EU recovery funds will flow at last and could be game-changers

Nine months after EU leaders broke new ground by agreeing a large recovery spending package financed by common borrowing, national capitals are submitting their plans for how to spend their allocation to the European commission. The bloc’s three biggest economies — Germany, France and Italy — all presented their plans ahead of last Friday’s target submission date.

The gestation may seem long given the severity of the downturn, and it will be several months more before the plans are vetted and money starts to flow. But seen from the perspective of the need to secure trust between 27 sovereign nations, the recovery and resilience plans have arrived with lightning speed.

The process may already have produced results. “You would have hoped [for] investment to start as quickly as possible,” said Laurence Boone, chief economist of the OECD, the rich countries’ economic think-tank. Still, the recovery package “has allowed countries like Italy and Spain to have a strong investment plan. I’m not sure that would have been possible without [it]”.

The protracted planning may even accidentally be a good match for the longer than expected pandemic recession. “You could argue that the process is slow — but because vaccination has taken some time [disbursements] will probably coincide with the reopening of the economy so that is not bad timing,” Boone said.

People familiar with the process both in Brussels and in national capitals highlight how the challenge of putting together multiyear plans for spending and structural reforms, with clear deliverables in the digital and green areas, has itself been a novel exercise for governments — especially when the commission itself has taken a hands-on preventive approach to ensure that once a government submits a plan there is little chance it cannot be approved.

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“The perception [last year] was that it would be dominated by the council” of national leaders, said Eulalia Rubio, senior research fellow at the Jacques Delors Institute. “Now we realise the main player is the commission. It has played its cards well.”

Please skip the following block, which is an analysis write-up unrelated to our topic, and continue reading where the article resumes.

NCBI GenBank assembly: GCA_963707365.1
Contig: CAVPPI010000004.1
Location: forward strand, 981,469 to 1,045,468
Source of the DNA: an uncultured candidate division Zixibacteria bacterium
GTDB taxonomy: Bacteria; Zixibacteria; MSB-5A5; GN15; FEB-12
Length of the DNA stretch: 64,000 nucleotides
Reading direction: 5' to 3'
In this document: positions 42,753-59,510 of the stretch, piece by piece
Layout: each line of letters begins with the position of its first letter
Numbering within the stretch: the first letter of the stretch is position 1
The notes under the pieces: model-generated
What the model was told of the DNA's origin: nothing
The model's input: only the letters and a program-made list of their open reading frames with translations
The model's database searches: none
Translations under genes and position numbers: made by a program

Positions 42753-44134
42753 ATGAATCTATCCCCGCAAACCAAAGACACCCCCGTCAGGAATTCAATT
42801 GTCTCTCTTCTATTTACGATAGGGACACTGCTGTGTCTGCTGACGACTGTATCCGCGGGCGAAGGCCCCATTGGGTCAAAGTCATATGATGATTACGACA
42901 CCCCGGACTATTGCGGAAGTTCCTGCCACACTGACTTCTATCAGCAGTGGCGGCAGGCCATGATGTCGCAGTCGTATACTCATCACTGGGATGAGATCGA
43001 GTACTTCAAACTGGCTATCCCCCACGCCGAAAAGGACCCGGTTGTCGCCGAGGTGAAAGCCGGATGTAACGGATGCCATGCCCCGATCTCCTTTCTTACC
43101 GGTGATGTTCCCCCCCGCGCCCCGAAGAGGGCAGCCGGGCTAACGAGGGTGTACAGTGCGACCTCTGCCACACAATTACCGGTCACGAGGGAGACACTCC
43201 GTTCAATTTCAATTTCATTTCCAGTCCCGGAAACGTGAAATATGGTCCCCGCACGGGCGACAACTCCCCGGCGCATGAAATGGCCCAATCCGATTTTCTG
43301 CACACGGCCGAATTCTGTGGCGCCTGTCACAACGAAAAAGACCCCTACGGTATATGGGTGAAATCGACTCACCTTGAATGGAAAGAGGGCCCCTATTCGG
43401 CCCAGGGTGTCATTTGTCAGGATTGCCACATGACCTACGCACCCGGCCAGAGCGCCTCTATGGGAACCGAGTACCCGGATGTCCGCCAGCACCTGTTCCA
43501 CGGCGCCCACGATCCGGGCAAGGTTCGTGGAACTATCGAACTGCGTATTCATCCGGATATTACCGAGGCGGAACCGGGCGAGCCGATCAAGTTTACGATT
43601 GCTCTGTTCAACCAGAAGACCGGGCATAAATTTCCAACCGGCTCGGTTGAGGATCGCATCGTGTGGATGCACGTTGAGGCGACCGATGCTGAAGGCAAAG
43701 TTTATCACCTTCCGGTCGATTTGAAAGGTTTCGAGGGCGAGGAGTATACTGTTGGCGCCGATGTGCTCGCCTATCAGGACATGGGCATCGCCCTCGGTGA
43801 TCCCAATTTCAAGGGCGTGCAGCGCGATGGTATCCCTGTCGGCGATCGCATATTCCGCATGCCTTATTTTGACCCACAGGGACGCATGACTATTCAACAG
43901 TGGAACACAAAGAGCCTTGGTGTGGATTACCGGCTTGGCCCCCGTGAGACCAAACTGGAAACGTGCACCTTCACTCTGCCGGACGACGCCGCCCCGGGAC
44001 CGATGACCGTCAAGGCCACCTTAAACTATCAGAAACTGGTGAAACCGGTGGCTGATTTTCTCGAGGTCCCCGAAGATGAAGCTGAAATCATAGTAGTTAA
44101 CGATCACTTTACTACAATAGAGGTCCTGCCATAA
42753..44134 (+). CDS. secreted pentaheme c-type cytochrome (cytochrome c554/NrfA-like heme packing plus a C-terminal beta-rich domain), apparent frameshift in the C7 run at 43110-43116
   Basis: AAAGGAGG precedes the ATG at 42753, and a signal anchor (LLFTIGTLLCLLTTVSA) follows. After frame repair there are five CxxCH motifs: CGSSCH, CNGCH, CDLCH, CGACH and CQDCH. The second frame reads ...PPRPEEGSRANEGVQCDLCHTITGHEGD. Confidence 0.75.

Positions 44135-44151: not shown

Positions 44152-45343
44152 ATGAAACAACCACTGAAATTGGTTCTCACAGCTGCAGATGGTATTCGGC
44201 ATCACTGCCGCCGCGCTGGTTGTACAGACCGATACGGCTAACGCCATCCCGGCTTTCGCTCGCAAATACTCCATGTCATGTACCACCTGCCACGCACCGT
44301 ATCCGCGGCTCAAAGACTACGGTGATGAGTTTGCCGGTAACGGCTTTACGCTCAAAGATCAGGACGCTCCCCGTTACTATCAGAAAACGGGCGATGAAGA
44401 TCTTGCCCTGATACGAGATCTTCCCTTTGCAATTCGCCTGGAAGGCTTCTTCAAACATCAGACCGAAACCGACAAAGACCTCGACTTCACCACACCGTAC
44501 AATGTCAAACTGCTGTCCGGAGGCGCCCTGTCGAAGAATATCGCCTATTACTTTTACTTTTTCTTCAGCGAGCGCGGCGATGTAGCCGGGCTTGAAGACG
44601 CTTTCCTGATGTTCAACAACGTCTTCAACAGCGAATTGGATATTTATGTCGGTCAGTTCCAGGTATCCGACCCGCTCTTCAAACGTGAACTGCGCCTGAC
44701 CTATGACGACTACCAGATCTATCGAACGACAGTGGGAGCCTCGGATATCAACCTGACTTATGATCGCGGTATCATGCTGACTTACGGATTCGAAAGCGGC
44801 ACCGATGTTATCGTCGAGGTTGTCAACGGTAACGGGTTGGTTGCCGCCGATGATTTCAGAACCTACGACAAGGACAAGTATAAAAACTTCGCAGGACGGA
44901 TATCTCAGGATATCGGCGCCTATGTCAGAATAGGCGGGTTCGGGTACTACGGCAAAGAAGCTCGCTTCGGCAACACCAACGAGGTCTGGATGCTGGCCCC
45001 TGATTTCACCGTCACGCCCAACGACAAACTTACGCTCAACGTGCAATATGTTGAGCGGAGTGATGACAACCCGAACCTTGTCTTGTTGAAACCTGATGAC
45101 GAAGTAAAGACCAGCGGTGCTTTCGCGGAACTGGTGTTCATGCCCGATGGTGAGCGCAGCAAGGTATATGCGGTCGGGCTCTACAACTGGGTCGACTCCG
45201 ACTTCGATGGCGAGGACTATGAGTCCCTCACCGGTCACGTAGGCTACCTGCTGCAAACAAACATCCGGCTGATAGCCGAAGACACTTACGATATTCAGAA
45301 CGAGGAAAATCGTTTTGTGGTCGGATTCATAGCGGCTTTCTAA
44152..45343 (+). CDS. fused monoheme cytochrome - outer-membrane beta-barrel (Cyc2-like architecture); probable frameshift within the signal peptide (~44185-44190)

Paradoxically, rather than this massive fiscal transfer bringing to the fore the cliched contrast between “responsible” creditor nations and “profligate” debtor nations, the worst-hit countries from the last crisis emerge in a rather positive light. Rubio thinks “most of the plans will be of high quality — very good and very ambitious”.

The harsh experience of demonstrating their ability to reform in front of markets and the “troika” of creditors a decade ago may now stand southern countries in good stead. Nor does it look likely that northern “frugals” will pull the emergency brake on disbursements, which were included at the request of the Netherlands. One official from a northern member state said that keeping an eye on possible sinners would just be too time-consuming: “We count on the commission to pick up on anything stupid.”

That is not to deny that a spending initiative as big and new as this comes with risk. In a report, Rubio noted that “many governments will make generalised use of emergency procurement processes and relax budgetary controls” in order to get the money out of the door. She argued this creates both a necessity but also an opportunity to improve the EU’s tools to combat fraud and corruption.

It seems inevitable that there will be bumps on the road from planning to implementation. “A key question is how the milestones” — the concrete deliverables to be included in the final plans — “will be defined”, said Rubio. Here, again, the commission will have a central role in agreeing acceptable milestones and assessing whether they have been met.

If all goes well, the “Next Generation EU” package will fund good investments and trigger useful reforms. But just as significant as the plans themselves may be the jolt they are giving to economic governance at both the national and the European level, before a single cent has been spent.

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